I bet like me you were told (and continue to hear) that to get ahead or to reach the next level you have to work hard.
Work harder, and you’ll accomplish more; work harder, and you’ll be better; work harder, and you’ll get the results you want.
Our culture has such a reverence for hard work; we make it seem as if all you have to do to be guaranteed success and wealth is: work hard(er).
The Delusion of Hard Work
Though worn as a badge of honor by many, ‘hard work’ is such a loaded phrase. And usually what comes with it is the expectation of long hours and weekends and minimal “me” time – which is regularly associated with success, which is frequently linked to earning a lot of money.
But as you know – maybe even from personal experience – there are a lot of people who work hard yet feel short changed when it comes to success and wealth.
On the off-chance you and I are not operating with the same definition of ‘hard work,’ let me be clear: I am not talking about hard work that comes from challenging yourself to reach beyond your limits – that expands your confidence because you overcame a difficult task or met a monumental milestone.
When I talk about the delusion of hard work, I’m speaking of ‘hard work’ as a constant state of being that lauds struggle and dismisses ease.
When struggle trumps ease, all hell breaks loose – if not immediately, then eventually. And as a result, you tend to:
- Conflate the relationship between time and money with the relationship between time and work. They are NOT one-in-the-same and your income doesn’t have to be proportional to your investment of time.
- Conflate ‘hard work’ with focused-effort, discipline, consistency, practice, and a willingness to experiment.
- Assume there’s something wrong if what you’re doing doesn’t always require ‘hard work’ and it isn’t experienced as difficult. This way of being can become so “natural” for you that it extends beyond your work to include your personal relationships and how you relate to and manage your money, as well!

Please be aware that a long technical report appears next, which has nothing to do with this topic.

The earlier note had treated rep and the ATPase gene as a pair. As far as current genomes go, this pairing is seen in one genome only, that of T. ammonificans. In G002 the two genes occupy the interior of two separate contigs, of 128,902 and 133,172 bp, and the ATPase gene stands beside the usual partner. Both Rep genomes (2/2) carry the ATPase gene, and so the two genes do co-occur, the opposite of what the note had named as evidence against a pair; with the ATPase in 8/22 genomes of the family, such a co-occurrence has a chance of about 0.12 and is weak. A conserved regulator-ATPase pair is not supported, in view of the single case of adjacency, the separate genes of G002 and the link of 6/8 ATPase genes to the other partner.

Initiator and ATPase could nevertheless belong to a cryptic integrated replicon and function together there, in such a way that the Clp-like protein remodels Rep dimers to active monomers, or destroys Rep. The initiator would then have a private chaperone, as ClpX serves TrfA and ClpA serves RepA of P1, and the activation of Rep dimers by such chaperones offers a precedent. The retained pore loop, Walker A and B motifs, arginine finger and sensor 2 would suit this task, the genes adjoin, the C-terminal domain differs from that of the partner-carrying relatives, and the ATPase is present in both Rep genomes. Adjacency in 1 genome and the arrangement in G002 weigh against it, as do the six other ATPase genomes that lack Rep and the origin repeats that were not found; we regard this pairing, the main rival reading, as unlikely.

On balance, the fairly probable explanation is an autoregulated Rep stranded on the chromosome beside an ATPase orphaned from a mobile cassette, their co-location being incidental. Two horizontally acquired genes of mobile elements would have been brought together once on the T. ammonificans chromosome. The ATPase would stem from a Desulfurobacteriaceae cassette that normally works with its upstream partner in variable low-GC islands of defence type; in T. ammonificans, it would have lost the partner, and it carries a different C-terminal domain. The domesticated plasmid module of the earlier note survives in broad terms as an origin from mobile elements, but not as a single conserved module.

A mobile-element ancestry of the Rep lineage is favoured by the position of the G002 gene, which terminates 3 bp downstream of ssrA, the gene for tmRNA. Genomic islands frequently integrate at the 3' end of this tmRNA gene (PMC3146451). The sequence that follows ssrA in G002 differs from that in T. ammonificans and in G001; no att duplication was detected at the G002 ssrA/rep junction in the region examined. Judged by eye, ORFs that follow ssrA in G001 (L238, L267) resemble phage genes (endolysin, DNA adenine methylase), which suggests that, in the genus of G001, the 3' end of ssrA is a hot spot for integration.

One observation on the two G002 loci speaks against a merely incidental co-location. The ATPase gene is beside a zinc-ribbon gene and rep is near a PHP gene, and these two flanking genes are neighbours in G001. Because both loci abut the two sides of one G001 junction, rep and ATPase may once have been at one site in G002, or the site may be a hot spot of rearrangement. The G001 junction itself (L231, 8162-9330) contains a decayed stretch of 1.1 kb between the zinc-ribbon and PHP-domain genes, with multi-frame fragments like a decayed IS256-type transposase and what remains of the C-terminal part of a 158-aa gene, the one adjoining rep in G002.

All this presents a conundrum for successful, financially-aware people like you – particularly if you’ve been operating under the spell of what I call the traditional, old-way of thinking about ‘hard work’.
Literally, you tend to work harder for your money than it does for you. Metaphorically, you work harder for your money than it does for you because you don’t have fun managing all aspects of it; so you’re likely to pay less attention to the parts you don’t like.
Another problem: You’re more likely to resist and close your eyes to new information, especially if it contradicts the reality you want to keep or are simply comfortable keeping.
Hard Work: Redefined
It is true: Work is an important element to your success – financial or otherwise. But if we look at ‘work,’ and the results thereof, as a derivative of focused-effort, discipline, consistency, practice, and a willingness to experiment, then the big question becomes: Are you doing what matters when it matters?
Of course, this presupposes you KNOW what matters and when it needs to get done!
Let me know by leaving a comment!
Ah, man…I wanted nothing more than to follow through on what I promised last week. To write and say, “Yeah baby, we’re live. Check out my new website!!”
But alas, I am not
We need a little more time.
The wait won’t be long, though; we will be ready to go live next week. However, my “announcement” post is not appropriate for today.
Everything has a rhythm
When I was thinking of what to write about instead, the lyrics of an old funk song by Parliament Funkadelic popped to mind: “…if it don’t fit, don’t force it…”
From the beginning, I have thought of this series of behind-the-scenes posts as “shadows.” Meaning: my intent for sharing the lessons I have learned, during this period of transformation, is/was so they could serve a purpose for you, too.
I guess this experience has another lesson for you and me to (re)learn. Continue Reading…
What if tomorrow morning you woke up to the news that you closed the deal and got THAT contract?
What if the meeting on your calendar for tomorrow afternoon was to announce your nomination to become an equity partner at your law firm or consulting practice?
What if you get a letter requesting your presence at the reading of the last will and testament of a beloved family member; you were bequeathed a sizeable inheritance.
What if, on a lark, you actually played the lottery and during the 11pm news you hear your numbers…you freaking won!
From X to Y
Whether by talent, discipline, and hard work; generosity; or pure damn luck, you went to bed having X. And now you have Y.
This is a moment you’ve thought of often. You probably even have a list of things you’d do and buy if the windfall you’ve been preparing for and/or praying for happens.
But now, what was once considered a “one-day, maybe” goal or fantasy is a full-on reality.